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RUBY – John Scott


Original Review by Jonathan Broxton

November 22, 1993, marked the thirtieth anniversary of the assassination of US President John F. Kennedy, and in the years leading up to that memorial several films and TV shows were made looking at the details surrounding the event. The JFK assassination had fascinated the American public for decades, and the stories and conspiracy theories surrounding it had become stock-in-trade for filmmakers and authors. The most high profile film made during that period was JFK, written and directed by Oliver Stone and released in late 1991, but the spring of 1992 saw another film about the event – Ruby, directed by John Mackenzie. It takes a look at the life of one of the other important figures of the event: Texas nightclub owner Jack Ruby, who shot and killed JFK’s assassin Lee Harvey Oswald in the basement garage of a Dallas city police station two days after JFK’s death. The film starred Danny Aiello as Ruby, and has a supporting cast that included Sherilyn Fenn, Arliss Howard, David Duchovny, and Tobin Bell.

The score for Ruby was written by the great British composer and conductor John Scott, and was essentially the last score Scott wrote for a semi-major movie released in mainstream cinemas; Ruby was followed by titles like Far from Home: The Adventures of Yellow Dog in 1995, The Second Jungle Book: Mowgli & Baloo in 1997, The New Swiss Family Robinson in 1998, Time of the Wolf in 2002, and The Wicker Tree as recently as 2011, but none of them had anything like the same level of prestige. Scott is 91 years old now as I write this, and is essentially retired, but was only 61 when Ruby came out, and it’s a shame that his career essentially trailed off from this point on, because his talent and dramatic flair was never in question, and Ruby is a great example of that.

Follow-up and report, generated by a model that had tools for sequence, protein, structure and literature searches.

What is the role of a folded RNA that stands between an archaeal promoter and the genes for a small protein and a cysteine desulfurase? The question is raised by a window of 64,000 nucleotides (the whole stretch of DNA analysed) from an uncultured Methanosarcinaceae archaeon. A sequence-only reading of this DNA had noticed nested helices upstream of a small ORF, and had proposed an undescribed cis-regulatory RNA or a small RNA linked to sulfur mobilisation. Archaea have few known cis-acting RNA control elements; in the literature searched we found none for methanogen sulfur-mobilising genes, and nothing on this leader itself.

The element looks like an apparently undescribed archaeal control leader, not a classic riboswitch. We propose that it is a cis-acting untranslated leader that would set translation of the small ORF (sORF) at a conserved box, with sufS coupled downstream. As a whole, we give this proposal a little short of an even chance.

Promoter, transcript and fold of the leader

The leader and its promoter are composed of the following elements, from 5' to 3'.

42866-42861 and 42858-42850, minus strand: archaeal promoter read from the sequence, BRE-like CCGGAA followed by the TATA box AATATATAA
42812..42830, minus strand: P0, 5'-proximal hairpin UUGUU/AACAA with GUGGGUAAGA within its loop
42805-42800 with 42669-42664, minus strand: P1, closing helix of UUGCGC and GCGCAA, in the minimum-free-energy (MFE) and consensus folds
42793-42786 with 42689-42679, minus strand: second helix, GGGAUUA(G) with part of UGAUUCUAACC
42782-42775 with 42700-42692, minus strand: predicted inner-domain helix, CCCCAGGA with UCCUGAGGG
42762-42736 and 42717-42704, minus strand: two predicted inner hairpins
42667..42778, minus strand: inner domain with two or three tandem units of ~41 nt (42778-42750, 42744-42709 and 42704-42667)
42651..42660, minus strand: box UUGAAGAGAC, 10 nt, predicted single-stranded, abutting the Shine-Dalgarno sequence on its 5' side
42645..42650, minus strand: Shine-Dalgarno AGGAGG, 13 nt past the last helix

The score is anchored, as all Scott scores are, by a terrific main theme, and the one for Ruby leans very heavily into the world of jazz. John Scott has always had superb jazz credentials, going back to the early days when he was playing sax for John Barry and arranging for artists like Cleo Laine, Johnny Dankworth, and Henry Mancini, and Ruby is an excellent showcase of that sound. The main jazz theme is led by brass – usually either a trumpet or a saxophone – and perfectly captures the sleazy world of dingy nightclubs through which Ruby moved, while also simultaneously bringing a film noir feeling to the score that addresses the film’s conspiracy theory angle: a shadowy world of rogue CIA agents, espionage and intrigue, blackmail, and more, into which Ruby almost unwittingly finds himself drawn. Not only that, the theme often emerges into something more sweepingly orchestral, and in these moments the theme has a touch of poignant melancholy running through it , as if alluding to the fact that Ruby was as much of a ‘patsy’ as Oswald was, driven inexorably towards murder by forces much stronger than himself.

The theme anchors several standout cues, including in the second half of the “Main Title,” in the more percussive “Ruby Meets Candy,” with unexpected woodwind lyricism in “The Camera,” with romantic lushness in both “Later Hank” and “Confidence,” and with noirish sensuality in “Presidential Suite”. When it is performed by the orchestra in the guise of a love theme the melody itself has a golden age sweep to it; at times some of the textures and flourishes remind me of Nino Rota’s Romeo and Juliet, at other times of something by John Williams, but it’s never anything less than wholly lovely.